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Journal of Environmental Biology

pISSN: 0254-8704 ; eISSN: 2394-0379 ; CODEN: JEBIDP

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        Abstract - Issue Jan 2018, 39 (1)                                                                                                             Back



nstantaneous and historical temperature effects on a-pinene

Studies on the effect of day time application of

herbicide mesosulfuron-methyl on soil microbial communities

of wheat rhizosphere

 

A. Singh1*, M.L. Kewat1 and S. Sondhia2

1Department of Agronomy, Jawaharlal Nehru Krishi Vishwa Vidyalaya, Jabalpur-482 004, India

2ICAR-Directorate of Weed Research, Jabalpur-482 004, India

*Corresponding Author E-mail: ashasinghrajpoot@gmail.com

 

 

 

Key words

Mesosulfuron-methyl

Microbial population

Wheat rhizosphere

 

 

 

Publication Data

Paper received : 07.01.2017

Revised received : 08.03.2017

Re-revised received : 16.07.2017

Accepted : 04.08.2017

 

Abstract

Aim: Mesosulfuron-methyl is one of the post emergence sulfonylurea herbicides and biotransformation is major process for its degradation. Persistence of mesosulfuron-methyl in soil mainly depends on temperature and microbial population. When herbicide is applied at different time of a day, it is exposed to different soil environmental factors. This interaction of mesosulfuron-methyl with soil environmental factors may affect microbial population differentially. Hence, the main objective of the study was to find how the day time application of mesosulfuron-methyl at different doses affects the microbial population of wheat rhizosphere.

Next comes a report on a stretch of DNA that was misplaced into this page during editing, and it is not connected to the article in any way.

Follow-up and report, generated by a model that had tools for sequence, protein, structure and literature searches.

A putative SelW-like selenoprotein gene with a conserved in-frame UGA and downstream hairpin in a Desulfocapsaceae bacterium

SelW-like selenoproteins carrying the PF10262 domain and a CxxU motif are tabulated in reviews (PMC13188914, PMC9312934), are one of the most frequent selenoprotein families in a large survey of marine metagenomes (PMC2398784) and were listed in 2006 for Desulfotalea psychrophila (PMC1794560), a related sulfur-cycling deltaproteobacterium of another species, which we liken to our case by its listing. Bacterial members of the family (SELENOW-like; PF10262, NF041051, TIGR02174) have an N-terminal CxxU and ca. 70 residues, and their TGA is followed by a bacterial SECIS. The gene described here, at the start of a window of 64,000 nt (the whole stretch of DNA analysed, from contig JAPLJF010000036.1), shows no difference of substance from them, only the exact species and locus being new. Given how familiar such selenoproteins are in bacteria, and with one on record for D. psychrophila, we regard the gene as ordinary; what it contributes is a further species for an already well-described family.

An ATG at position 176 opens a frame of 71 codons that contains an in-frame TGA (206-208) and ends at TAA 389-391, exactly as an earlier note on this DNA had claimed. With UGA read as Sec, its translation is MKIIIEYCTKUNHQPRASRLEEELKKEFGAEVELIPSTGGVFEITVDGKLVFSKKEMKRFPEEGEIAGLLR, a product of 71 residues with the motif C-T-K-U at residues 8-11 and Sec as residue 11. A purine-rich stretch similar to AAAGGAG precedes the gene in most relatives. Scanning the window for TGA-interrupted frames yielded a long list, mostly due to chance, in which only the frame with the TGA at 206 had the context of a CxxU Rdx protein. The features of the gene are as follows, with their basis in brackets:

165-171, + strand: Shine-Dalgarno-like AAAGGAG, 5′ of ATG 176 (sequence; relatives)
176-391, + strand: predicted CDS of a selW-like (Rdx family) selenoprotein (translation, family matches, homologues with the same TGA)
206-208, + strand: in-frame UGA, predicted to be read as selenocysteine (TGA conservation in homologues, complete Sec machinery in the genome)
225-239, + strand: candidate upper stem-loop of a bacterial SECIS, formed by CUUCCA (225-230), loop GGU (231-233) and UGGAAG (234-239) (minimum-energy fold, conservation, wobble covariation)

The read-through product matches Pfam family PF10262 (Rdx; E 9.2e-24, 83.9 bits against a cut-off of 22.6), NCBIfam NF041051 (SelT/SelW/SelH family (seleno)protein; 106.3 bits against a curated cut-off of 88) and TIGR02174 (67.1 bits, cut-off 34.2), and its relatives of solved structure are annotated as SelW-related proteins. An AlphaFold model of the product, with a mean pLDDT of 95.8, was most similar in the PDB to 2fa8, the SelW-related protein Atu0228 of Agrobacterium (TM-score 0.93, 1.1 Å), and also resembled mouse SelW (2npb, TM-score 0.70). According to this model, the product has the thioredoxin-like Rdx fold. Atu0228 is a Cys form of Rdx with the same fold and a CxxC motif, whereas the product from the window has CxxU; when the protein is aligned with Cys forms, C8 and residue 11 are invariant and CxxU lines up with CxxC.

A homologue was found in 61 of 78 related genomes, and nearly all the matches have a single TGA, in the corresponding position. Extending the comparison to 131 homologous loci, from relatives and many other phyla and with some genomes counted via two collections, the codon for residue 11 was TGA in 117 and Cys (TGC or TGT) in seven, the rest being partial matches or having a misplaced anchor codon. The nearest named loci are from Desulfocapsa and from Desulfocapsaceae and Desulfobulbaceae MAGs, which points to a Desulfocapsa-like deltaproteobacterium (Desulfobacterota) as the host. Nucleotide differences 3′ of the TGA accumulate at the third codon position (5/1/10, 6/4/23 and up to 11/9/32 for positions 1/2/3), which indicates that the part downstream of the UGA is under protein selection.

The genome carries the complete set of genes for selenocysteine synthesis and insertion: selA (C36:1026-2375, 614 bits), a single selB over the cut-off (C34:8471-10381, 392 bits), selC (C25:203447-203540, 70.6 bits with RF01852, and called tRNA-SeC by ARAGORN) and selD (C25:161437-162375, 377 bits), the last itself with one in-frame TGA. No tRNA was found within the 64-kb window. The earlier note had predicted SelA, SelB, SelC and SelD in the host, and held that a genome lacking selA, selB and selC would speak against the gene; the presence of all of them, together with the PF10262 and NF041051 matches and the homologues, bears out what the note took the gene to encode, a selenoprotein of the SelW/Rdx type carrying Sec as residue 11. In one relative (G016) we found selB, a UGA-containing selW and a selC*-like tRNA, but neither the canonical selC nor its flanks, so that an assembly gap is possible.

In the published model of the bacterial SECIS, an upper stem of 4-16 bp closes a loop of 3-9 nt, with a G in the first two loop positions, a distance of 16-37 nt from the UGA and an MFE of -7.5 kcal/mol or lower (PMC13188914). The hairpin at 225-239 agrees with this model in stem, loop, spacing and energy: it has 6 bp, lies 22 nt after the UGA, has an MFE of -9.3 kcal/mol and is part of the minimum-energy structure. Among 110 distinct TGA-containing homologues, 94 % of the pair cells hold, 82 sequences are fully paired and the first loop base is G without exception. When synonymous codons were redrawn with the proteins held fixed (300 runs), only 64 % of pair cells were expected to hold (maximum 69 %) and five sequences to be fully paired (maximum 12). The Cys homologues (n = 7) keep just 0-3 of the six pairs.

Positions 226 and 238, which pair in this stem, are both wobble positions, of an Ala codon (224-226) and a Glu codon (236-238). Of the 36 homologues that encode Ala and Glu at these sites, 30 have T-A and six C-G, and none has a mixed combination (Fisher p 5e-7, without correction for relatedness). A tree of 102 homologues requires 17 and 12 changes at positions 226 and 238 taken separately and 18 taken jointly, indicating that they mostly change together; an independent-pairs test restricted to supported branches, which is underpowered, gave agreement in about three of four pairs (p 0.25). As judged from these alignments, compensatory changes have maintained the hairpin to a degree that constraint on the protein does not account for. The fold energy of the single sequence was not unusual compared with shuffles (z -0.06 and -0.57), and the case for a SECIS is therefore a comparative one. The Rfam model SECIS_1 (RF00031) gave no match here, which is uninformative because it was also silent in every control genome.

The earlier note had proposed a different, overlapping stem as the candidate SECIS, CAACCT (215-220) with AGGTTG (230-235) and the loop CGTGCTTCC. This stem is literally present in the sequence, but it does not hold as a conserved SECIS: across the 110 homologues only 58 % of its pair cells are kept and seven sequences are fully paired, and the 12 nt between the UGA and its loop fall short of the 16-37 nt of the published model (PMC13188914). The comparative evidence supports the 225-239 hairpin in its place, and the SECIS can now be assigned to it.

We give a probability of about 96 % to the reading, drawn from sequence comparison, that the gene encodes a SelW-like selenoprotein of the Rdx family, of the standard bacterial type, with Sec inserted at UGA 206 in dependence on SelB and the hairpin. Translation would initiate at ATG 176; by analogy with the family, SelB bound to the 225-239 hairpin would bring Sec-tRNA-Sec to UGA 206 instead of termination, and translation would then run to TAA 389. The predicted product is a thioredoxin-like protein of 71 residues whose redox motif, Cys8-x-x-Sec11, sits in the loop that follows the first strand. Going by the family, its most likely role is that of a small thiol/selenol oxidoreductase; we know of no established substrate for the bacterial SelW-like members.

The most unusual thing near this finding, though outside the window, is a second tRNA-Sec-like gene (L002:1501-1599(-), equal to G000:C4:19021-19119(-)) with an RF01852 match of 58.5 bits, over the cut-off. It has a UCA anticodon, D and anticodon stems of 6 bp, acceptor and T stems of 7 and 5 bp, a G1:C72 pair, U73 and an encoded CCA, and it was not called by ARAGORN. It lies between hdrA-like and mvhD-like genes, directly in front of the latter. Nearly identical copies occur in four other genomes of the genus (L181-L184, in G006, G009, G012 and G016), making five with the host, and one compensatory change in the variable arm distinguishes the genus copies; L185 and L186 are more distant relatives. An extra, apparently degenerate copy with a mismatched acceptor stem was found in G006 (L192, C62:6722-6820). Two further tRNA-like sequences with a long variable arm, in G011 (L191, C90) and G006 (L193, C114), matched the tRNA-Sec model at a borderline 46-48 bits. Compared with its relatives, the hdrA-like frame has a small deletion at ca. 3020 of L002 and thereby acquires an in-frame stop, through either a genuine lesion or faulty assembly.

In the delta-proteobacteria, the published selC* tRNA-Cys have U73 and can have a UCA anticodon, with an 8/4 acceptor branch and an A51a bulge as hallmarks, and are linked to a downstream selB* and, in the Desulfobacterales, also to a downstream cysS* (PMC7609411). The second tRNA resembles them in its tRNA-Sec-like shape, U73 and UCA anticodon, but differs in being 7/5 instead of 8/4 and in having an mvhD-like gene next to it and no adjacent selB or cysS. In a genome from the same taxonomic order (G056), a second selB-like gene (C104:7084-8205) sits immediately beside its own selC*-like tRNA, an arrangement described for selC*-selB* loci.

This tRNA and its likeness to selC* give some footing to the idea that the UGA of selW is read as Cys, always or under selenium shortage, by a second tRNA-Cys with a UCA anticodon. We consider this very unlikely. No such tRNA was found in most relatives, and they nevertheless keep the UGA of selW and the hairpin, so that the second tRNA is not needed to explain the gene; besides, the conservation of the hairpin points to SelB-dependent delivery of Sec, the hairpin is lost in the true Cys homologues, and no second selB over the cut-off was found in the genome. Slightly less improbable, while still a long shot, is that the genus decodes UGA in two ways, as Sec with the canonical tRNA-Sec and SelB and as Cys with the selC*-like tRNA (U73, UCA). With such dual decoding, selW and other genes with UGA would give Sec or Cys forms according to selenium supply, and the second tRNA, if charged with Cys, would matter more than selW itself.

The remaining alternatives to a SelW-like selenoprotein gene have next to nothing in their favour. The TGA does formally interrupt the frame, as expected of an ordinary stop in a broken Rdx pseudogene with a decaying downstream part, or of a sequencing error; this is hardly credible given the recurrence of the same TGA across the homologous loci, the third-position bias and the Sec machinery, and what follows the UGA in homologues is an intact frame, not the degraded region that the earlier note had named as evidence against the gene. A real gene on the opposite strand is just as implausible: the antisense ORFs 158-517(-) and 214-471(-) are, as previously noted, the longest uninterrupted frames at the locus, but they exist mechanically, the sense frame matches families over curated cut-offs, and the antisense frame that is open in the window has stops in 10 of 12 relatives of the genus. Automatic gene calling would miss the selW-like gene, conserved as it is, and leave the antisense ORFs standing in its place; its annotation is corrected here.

Methodology: Five weed control treatments, comprising of three doses of mesosulfuron-methyl (10.0, 11.5 and 12.0 g ha-1) including one hand weeding and weedy check as main plot treatments, were superimposed with three day times of herbicide application (8 a.m., 12 p.m. and 6 p.m.) as sub plot treatments and laidout in split plot design with four replications. Soil sample were collected at 5, 10, 30 and 80 days after herbicide application. The developed colonies were counted using serial dilution plate count technique and expressed as colony forming units (cfu) per gram dry soil.

 

Results: Bacterial population was significantly (14.20 and 16.14%) higher under 12 g ha-1 mesosulfuron-methyl application over unweeded check at 10 and 30 days after, respectively. However, competition with dominant bacterial population and toxic effect of herbicide immediately after application inhibited fungal and actinomycete species. But with time, adapted fungal population was increased to 24.77 and 58.13% under 11.5 g ha-1, and 28.77 and 73.40% under12.0 g ha-1 application at 30 and 80 days after application, respectively, over 10 days after application. While, the population of actinomycetes and Azotobactor was ever less under mesosulfuron-methyl in comparison to non-herbicidal treatments. However, fungal and actinomycetes population survived successfully in case of mesosulfuron application during noon hours even at higher doses due to less residue in soil.

 

Interpretation: Population of Azotobactor and actinomycetes (up to 80 days) as well as fungi (upto 10 days) was affected due to mesosulfuron doses except bacteria. Similarly, fungal and actinomycetes population was affected identically due to morning and evening application of mesosulfuron. On the contrary bacterial and Azotobactor population did not vary.

 

 

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